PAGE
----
Expiry of Initial Limitation and Extension of Time

Expiry of Initial Limitation and Extension of Time Case Laws Commercial Corporate Corporate Law Knowledge – Corporate Law Lahore High Court Limitation Limitation - Extension Litigation & Arbitration Public Interest Public Policy Sales Tax Tax Tax Reference Mr. Justice Tariq Saleem Sheikh in his judgment has decided the issue regarding expiry of initial limitation and extension of time by the Federal Board of Revenue in S.T.R No. 30 of 2014.

1. This is an application by way of reference under Section 47 of the Sales Tax Act, 1990 (the “Act”), against Order dated 2-9-2013 passed by the Appellate Tribunal Inland Revenue, Lahore (the “Tribunal”).

2. During the audit of Respondent No.1 for the period July-2006 to June-2008 it was inter alia observed that it had illegally reduced its output tax against “Credit Notes” issued with regard to certain sales returns as the said Credit Notes were not available on its record. Accordingly, it was charged with the evasion of sales tax amounting to Rs.509,278/- and Special Excise Duty (SED) of Rs.14,277/-. The Deputy Commissioner Inland Revenue issued Show Cause Notice dated 05-10-2009 to Respondent No.1 calling upon it to explain as to why the aforesaid sales tax and SED may not be recovered from it alongwith default surcharge and why other penal action may not be taken against it under Section 33 of the Sales Tax Act, 1990, and Section 19 of the Federal Excise Act, 2005. Adjudication proceedings commenced which culminated in Order-in-Original No.03/2010 dated 23-7-2010. The Adjudicating Officer held that the charge was established against Respondent No.1. Since the Order-in-Original was passed beyond the time prescribed in Section 36(3) of the Act as it then existed on the Statute Book, the Adjudicating Officer made it a point to mention in the said Order that the Federal Board of Revenue (the “Board”) had extended the time-limit till 31-7-2010 for deciding the matter in exercise of the powers available to it under Section 74 of the Act. Respondent No.1 preferred an appeal before the CIR (Appeals) which was accepted vide order dated 22-12-2010 on the ground that the Order-in-Original was hit by limitation. The CIR (Appeals) held that the Board’s extension was of no avail to the Department inasmuch as it was obtained after the expiry of the initial limitation prescribed by Section 36(3). The Department filed an appeal before the Tribunal but the same was dismissed on 2-9-2013. It has now come up in reference before this Court.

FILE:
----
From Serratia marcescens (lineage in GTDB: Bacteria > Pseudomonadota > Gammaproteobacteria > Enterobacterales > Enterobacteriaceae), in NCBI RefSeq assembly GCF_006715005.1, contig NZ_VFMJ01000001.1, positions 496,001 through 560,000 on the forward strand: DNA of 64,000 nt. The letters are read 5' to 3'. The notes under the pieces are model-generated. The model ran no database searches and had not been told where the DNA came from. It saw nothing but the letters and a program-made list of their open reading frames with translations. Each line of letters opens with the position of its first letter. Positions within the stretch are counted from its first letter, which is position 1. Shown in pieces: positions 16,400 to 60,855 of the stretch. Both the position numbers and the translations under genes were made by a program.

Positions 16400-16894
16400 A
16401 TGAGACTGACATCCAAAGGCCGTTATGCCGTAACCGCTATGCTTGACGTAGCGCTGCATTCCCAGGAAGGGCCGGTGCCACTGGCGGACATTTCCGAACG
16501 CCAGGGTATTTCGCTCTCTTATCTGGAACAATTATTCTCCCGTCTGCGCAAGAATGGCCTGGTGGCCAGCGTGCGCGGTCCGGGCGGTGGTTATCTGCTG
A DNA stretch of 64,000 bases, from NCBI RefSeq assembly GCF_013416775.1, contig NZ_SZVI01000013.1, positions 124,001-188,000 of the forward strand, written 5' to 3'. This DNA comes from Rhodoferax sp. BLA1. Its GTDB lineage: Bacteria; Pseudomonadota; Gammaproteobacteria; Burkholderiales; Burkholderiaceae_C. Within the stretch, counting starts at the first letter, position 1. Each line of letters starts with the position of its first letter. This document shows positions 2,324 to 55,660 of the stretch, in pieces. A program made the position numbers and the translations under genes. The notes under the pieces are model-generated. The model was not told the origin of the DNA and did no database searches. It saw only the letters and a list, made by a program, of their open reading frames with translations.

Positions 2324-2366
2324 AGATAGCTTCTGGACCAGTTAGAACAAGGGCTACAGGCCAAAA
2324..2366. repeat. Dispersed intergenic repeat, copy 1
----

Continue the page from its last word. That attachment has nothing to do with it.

3. The Petitioner Department has urged that the following questions of law arise from the Tribunal’s Order dated 2-9-2013 which require determination by this Court:

a. Whether on the facts and in the circumstances of the case, the learned Appellate Tribunal Inland Revenue (ATIR) was justified to reject the departmental appeal on the ground of limitation, whereas the case was decided within the extended period after proper approval from the FBR under Section 74 of the Sales Tax Act, 1990?

b. Whether the ATIR was not under obligation to apply the law correctly in view of the judgment of the Hon’ble Islamabad High Court (PTCL 2009 CL 35) irrespective of the fact whether the same was presented before the Tribunal or not?

c. Whether the ATIR was justified in ignoring the judgment of the Hon’ble Islamabad High Court (PTCL 2009 CL 35) deciding a similar question of law?